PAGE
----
Proposed Structure and Management
The first proposal that would have prevented the fatal collapse of section 10-11 is the development of a clearer project organizational structure(Meredeth & Mantel 2011). In the time leading up to the cancellation of the WSC contract, the responsibilities of the contractors were clearer. Each contractor needed to work on a particular section of the bridge based on a certain timeline. JHC was closer to schedule compared to WSC, which suffered from work stoppages due to industrial action by its employees. While the responsibilities were clearer, the management structure of the project was such that the contractors and to some extent the consultants, did not feel obliged to offer substantive reports to the YRCA. In fact, there was resentment against the efforts of the authority to find out the progress of the project. The contractors worked independently. There was very little interplay between the contractors and the consultants because there was no stated requirement for them to work together. On the other hand, the consultants were not forthcoming with the information contractors requested. In the end, the project became an organizational nightmare. Clearer reporting lines and information sharing structures could have eliminated many of the issues that led to the collapse of span 10-11(Young 2009).
Secondly, there was a need to form a single project committee bringing together all the stakeholders of the project to provide oversight for the project(Klastorin 2003). If such a committee existed, then it could have forestalled many of the problems that the project faced since all the committee members would understand how each part of the project was faring. The composition of the project committee would have included the contractors, the consultants, the YRCA, and other stakeholders such as government and community representatives. An example of a problem the committee could help solve was the consisted disregard by FF&P to requests for information from the contractors. The committee could have found effective ways of dealing with the situation. If the committee dealt with the industrial issues affecting the operations of WSC, then quicker resolutions could have come up(Klastorin 2003). The situation on the ground was such that the only oversight the project had was from the YRCA. The authority could only resort to legal recourse whenever it felt things were getting out of hand. This was insufficient since the YRCA had no power to address issues affecting the relations between the contractors and the consultants. In conclusion, a project committee, constituted from all the stakeholders, would be a desirable element in a project of this magnitude.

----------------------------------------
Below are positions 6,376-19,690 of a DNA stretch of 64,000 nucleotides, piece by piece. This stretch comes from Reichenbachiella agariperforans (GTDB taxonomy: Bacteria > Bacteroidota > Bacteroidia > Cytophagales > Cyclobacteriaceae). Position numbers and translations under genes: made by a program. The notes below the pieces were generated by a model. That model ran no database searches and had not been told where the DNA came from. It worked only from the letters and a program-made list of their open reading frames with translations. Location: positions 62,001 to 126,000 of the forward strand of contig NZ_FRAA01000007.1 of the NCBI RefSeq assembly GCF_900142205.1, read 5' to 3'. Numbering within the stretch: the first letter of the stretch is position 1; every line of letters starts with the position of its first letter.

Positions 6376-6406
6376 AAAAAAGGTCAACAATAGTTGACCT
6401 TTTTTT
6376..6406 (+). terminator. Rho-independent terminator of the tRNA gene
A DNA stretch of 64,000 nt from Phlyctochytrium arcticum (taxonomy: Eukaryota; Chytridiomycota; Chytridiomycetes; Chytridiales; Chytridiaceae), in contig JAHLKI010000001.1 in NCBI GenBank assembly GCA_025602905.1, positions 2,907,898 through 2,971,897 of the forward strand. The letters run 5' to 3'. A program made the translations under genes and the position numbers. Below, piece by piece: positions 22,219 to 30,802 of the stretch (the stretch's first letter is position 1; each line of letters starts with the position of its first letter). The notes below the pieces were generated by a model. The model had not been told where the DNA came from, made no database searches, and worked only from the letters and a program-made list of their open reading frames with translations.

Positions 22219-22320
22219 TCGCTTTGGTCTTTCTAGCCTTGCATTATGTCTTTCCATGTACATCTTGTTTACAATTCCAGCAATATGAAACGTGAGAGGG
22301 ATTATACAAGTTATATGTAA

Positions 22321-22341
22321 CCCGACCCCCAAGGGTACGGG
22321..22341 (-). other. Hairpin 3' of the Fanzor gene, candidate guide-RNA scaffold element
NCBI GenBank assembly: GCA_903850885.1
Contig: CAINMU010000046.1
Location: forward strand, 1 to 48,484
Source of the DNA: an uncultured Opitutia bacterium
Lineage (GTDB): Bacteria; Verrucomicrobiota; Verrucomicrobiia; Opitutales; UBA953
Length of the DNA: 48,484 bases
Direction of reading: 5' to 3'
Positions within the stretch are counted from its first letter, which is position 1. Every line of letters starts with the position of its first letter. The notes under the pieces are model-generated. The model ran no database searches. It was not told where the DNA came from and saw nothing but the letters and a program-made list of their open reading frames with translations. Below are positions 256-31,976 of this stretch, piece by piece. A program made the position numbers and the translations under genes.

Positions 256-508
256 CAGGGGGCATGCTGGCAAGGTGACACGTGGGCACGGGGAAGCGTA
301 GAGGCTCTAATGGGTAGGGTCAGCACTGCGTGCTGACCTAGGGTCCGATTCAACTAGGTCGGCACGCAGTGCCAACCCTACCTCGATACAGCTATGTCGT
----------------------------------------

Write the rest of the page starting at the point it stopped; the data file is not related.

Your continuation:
Thirdly, the project needed an information-sharing plan to deal with the need for technical information(Kerzner 2009). The contractors wrongfully assumed that the consultants would provide all the design specifications they would need to complete their work. As time went by, it was clear that the consultants were inefficient in providing vital information to the contractors. The reasons for these delays are not clear. However, there is suspicion that there was professional rivalry between the senior engineers of the two consulting firms, which made the sharing of information difficult(Porter 1980). The fact that meetings between the contractors, the consultants, and YRCA were not regular also shows that the project did not have a proper information-sharing platform. The consultants did not send regular progress reports to YRCA hence there was no way for the Authority to find out the extent of the problems on site. In addition, the engineers provided by the consultant reported to their senior managers in London, and not YRCA. There was no mechanism to transmit the contents of these reports back to Australia. With the benefit of hindsight, it is clear that this state of affairs came from the poor design of the information sharing structures for the project given its international stature (Walker, Walker & Schmitz 2003). YRCA could avert the disaster involving span 10-11 by taking greater care to plan for the management of project information. It was reckless for the consultants to delay information requested by the engineers on the ground relating to calculations of the stresses on the bridge leading up to the collapse of the structure. YRCA needed to insist on the availability of copies of the detail design of the bridge at the site.